How good can he be at in-line blocking? "No idea,” he said. “The Dolphins believe in my athletic ability and my ability to become a tight end. So I'm happy with that.”

Said Adam Gase: “We will like his skill set as a receiver. We will see when we get pads on in training camp as far as a run blocker and pass protector.”

• The Dolphins, in recent years, have never felt better about their depth at offensive tackle than they do now.

Offensive coordinator Clyde Christensen said: “This is going to be the most depth at tackle I've ever been around" and he won't have to "open your newspaper and find a left tackle in the classified." Branden Albert, Ja’Wuan James, Laremy Tunsil, Jermon Bushrod, Sam Young and Dallas Thomas can all play tackle, and Billy Turner said he has received reps there.

• In Sports Illustrated’s ongoing series of exclusive videos on former Dolphins running back Ricky Williams, his wife, Kristin, said Williams had an opportunity to avoid a suspension by submitting someone else’s sample, but didn’t do it.

"The one test where he got caught that had him suspended for the four months, we could have switched it that day if we wanted to,” Kristin said. “That guy, we knew him so well … he tested Ricky and left them both [samples] sitting on the counter and left for 45 minutes and then came back. But Ricky's an honest person. That thought never entered his mind I don't think…. When the drug testers would come, some of them were like family.”

Williams told SI.com that he believes 60 to 70 percent of NFL players use marijuana.

Twitter: @flasportsbuzz... Please click here for the latest on UM's potential suspensions and luxury car investigation, plus Heat and Marlins.

July 12, 2016

9 a.m. Wed. Mark Walton news; From use of luxury cars to brandishing a gun, UM sorting through football disciplinary issues; Dolphins, Heat, Marlins nuggets

Quick 9 a.m. update: UM running back Mark Walton's attorney (Farrell & Patel) tells me this morning that it will file a complaint against the city of Miami police, alleging the police botched his case even though charges were dropped. The complaint will be filed with the city's internal affairs division, the law firm says. (See below for more.) 

WEDNESDAY BUZZ COLUMN

 

The Mark Walton matter was resolved this week with the lifting of the UM running back’s suspension, but Mark Richt is dealing with other disciplinary issues less than two months away from his first game as UM’s coach.

Among them:

• Ace Herald correspondent Peter Ariz and I have learned that freshmen receiver Sam Bruce is facing a potential one- or two-game suspension for brandishing a gun in a photo that resulted in Bruce withdrawing from St. Thomas Aquinas in February, shortly after signing his letter of intent with UM.

Bruce made the photo of himself with the weapon because of a dispute with a former Aquinas male student, a dispute centered around Bruce’s ex-girlfriend. A source said the photo ended up in the hands of the former student, who then called police and Aquinas. No charges were ever filed.

It’s always possible Richt could change his mind and decide not to suspend Bruce if his behavior is exemplary in August; neither I nor Peter nor anyone has a crystal ball and can predict if a coach will have a change of heart.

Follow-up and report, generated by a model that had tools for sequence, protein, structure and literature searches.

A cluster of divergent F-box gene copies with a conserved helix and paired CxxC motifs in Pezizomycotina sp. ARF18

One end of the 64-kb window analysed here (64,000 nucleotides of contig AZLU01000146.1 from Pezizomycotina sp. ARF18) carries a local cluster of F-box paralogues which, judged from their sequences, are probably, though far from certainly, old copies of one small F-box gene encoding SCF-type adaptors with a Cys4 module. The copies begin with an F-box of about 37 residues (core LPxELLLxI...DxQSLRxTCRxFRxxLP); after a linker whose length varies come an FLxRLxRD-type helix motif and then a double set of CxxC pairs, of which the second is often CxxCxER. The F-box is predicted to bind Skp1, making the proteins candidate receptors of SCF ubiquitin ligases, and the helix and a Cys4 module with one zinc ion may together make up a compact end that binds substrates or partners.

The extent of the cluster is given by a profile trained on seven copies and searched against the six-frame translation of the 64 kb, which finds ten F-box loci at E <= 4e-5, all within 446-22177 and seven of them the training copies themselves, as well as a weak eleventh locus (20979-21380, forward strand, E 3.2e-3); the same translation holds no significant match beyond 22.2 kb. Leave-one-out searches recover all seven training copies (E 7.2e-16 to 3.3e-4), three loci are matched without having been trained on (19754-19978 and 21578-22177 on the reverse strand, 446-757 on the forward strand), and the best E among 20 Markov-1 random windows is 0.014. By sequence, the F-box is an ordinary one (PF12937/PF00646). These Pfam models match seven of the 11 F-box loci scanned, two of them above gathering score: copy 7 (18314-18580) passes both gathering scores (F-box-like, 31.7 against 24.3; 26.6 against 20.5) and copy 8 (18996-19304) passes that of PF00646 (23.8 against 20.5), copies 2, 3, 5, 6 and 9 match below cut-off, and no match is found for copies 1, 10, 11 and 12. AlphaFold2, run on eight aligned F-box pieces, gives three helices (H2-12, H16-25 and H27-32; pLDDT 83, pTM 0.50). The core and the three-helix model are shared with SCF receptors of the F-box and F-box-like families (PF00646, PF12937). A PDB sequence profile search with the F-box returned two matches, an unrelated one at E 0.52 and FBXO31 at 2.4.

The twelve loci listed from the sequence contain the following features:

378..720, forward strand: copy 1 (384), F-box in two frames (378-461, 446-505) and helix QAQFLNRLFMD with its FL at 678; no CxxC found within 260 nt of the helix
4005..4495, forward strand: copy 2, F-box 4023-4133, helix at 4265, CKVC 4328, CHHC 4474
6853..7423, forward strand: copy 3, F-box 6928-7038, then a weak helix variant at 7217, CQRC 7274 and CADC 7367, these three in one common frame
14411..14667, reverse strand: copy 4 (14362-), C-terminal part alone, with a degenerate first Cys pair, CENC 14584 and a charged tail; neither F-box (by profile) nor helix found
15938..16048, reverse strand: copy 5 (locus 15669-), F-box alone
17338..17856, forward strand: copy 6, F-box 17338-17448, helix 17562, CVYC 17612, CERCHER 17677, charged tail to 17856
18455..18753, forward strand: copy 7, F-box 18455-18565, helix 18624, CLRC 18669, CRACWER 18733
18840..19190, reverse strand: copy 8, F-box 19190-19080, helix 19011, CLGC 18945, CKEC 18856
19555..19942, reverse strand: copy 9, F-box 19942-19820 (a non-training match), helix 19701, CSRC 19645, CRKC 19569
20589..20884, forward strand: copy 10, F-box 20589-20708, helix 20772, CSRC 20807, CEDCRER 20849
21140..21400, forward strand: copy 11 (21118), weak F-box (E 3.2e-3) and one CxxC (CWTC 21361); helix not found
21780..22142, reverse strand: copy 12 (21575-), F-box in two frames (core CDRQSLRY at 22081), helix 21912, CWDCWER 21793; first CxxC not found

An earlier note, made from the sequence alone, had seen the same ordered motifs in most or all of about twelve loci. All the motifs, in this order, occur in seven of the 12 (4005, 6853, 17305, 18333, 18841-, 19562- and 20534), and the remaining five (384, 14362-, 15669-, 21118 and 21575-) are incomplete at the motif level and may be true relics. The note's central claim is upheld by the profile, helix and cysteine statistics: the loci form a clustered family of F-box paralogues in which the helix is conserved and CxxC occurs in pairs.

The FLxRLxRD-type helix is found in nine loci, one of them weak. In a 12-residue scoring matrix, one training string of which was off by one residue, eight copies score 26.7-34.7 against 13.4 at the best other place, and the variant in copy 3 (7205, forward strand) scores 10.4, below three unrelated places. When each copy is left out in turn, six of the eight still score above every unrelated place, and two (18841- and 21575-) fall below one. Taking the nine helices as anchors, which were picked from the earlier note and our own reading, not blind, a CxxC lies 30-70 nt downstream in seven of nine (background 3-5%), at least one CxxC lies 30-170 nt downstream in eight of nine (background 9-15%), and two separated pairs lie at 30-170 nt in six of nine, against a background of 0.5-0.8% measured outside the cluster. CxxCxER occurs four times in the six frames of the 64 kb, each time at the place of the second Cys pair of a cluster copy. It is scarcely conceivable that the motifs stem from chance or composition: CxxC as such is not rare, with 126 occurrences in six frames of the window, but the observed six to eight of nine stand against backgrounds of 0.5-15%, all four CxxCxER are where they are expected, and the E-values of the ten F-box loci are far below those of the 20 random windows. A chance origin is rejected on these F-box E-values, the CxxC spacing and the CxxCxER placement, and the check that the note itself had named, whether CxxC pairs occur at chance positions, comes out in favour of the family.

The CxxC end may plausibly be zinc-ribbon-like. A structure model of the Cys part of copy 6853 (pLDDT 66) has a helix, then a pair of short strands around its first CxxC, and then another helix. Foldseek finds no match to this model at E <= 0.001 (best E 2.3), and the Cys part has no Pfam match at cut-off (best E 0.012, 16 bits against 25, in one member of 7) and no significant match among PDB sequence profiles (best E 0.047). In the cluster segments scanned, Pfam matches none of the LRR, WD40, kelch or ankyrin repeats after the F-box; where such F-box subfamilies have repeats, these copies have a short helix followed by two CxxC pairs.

But a UM source with direct knowledge said Tuesday the university’s full intention at this point is to be suspend Bruce for two games to start the season because there is an expectation of how Hurricanes players should represent themselves and that there should be consequences for their actions.

Bruce, rated by Rivals.com as the seventh best receiver and 47th best player overall in the 2016 class, enrolled at UM in late June and is expected to receive playing time this season, potentially as a returner as well as a slot receiver.

• Defensive end Al-Quadin Muhammad, arguably UM’s best defensive player, remains under scrutiny as UM continues to investigate whether at least four football players violated NCAA rules when they struck deals with a local car agency. As of Tuesday, Muhammad had not been cleared and it was undetermined if he would face discipline.

A source said UM is not expected to bring back linebacker Juwon Young, who was suspended indefinitely last month both for his involvement and for not being forthcoming with UM officials. UM also has investigated whether linebacker Jermaine Grace was involved.

UM’s investigation has focused on whether the players received discounted or heavily discounted luxury cars in exchange for some future stake in their careers.

Three sources told Peter and me that the dealership in question is South Beach Exotic Rentals.

Asked this week if his dealership had rented cars to any UM athletes, the company’s owner, Juan Caballero, said by phone: “I’m not aware of any of that. Maybe lower levels of the company have.”

Asked if he has ever given UM players free cars to drive, he said: “We’re not giving anything for free. Jay Z paid when he rented a car. Justin Bieber paid.”

Caballero said “no [UM] player is getting any sort of special treatment. I couldn't name one person on that team.”

A UM player said eyebrows were raised when Young drove to practice last season in an expensive car. According to a UM source, a former girlfriend informed UM about Young’s involvement.

ACC teams typically bring one offensive player and one defensive player to the conference’s media day, next week in Charlotte. But UM, cognizant of the car controversy, is taking punter Justin Vogel (along with quarterback Brad Kaaya) instead of Muhammad or Grace.